Well, this has been an interesting second half to the online teaching course. So much to learn, so much to process and so much to do but we are done. I feel like my picture, is it the software or the printer driver I still don’t know but I am learning. The amount of information I have been exposed to and processed is really overwhelming when I think about it.
The Seven Principles For Good Practice in Undergraduate Educationby Arthur W. Chickering and Zelda F. Gamson was an interesting article to ready and learn to teach by. Their statement “Apathetic students, illiterate graduates, incompetent teaching, impersonal campuses-so rolls the drum-fire of criticism of higher education. More than two years of reports have spelled out the problems. States have been quick to respond by holding out carrots and beating with sticks. There are neither enough carrots nor enough sticks to improve undergraduate education without the commitment and action of students and faculty members. They are the precious resources on whom the improvement of undergraduate education depends.” is so true. When I stop and look at the students coming to the community college system and the level of math, reading and writing they are testing into it is really scary. As a faculty member this article really hit home and made me realize just how important my role is in our future.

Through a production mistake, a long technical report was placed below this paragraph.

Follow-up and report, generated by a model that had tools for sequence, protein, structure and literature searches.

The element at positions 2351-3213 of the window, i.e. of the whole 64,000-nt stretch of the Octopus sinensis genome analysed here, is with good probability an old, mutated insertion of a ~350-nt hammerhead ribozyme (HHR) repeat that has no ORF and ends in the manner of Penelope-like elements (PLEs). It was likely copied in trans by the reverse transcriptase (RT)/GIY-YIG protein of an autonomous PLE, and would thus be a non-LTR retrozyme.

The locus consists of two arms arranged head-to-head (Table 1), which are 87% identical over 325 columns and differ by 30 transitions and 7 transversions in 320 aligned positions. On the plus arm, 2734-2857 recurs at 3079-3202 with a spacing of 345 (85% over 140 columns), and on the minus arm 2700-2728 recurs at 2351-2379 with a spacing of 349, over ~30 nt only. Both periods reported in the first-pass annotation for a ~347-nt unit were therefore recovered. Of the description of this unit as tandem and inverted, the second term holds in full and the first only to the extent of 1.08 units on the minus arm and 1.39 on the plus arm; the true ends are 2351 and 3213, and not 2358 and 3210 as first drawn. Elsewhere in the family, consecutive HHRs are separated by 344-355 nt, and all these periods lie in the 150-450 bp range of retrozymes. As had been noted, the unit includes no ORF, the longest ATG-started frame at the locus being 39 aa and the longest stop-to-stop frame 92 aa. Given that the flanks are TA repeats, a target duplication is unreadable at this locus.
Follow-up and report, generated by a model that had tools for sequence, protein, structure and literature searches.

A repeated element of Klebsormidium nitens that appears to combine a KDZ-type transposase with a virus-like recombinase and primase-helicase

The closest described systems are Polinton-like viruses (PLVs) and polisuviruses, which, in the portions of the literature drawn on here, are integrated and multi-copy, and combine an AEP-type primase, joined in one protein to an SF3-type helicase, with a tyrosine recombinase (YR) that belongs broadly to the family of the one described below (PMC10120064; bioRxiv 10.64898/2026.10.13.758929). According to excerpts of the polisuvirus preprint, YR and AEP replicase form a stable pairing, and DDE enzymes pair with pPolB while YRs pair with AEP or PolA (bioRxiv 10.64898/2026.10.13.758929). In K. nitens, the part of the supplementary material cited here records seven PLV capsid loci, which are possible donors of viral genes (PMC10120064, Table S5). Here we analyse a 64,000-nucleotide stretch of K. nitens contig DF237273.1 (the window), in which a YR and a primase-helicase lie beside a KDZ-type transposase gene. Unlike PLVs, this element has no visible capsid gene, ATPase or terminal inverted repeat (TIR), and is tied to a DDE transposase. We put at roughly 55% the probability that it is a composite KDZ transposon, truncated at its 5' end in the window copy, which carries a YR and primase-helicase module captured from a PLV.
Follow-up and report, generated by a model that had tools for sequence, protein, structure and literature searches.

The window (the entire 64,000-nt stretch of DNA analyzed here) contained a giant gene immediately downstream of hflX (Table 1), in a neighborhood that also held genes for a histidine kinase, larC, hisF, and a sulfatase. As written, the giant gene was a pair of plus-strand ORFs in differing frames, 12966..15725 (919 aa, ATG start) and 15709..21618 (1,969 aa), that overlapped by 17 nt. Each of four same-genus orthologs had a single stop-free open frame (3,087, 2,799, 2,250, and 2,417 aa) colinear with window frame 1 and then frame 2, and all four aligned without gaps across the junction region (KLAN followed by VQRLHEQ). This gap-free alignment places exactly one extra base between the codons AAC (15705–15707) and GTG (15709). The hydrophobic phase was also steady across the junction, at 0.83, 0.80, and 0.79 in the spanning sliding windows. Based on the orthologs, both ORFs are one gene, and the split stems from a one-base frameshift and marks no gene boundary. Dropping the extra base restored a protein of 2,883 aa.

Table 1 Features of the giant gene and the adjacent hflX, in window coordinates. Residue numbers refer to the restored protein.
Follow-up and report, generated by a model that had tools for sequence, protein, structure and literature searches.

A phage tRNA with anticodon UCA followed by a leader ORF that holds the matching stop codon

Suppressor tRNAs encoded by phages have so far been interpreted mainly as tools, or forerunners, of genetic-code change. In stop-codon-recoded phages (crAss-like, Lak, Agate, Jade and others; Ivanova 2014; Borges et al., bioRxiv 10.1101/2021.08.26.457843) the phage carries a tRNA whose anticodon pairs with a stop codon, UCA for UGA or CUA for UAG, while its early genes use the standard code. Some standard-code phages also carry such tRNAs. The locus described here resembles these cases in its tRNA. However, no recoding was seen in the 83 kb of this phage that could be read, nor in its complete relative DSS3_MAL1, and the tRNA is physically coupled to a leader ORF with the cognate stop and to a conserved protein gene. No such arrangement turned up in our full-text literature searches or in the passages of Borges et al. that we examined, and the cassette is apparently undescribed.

Chickering and Gamson listed 7 principles for good undergraduate practice. They are:
1. Encourages contact between students and faculty
2. Develops reciprocity and cooperation among students.
3. Encourages active learning.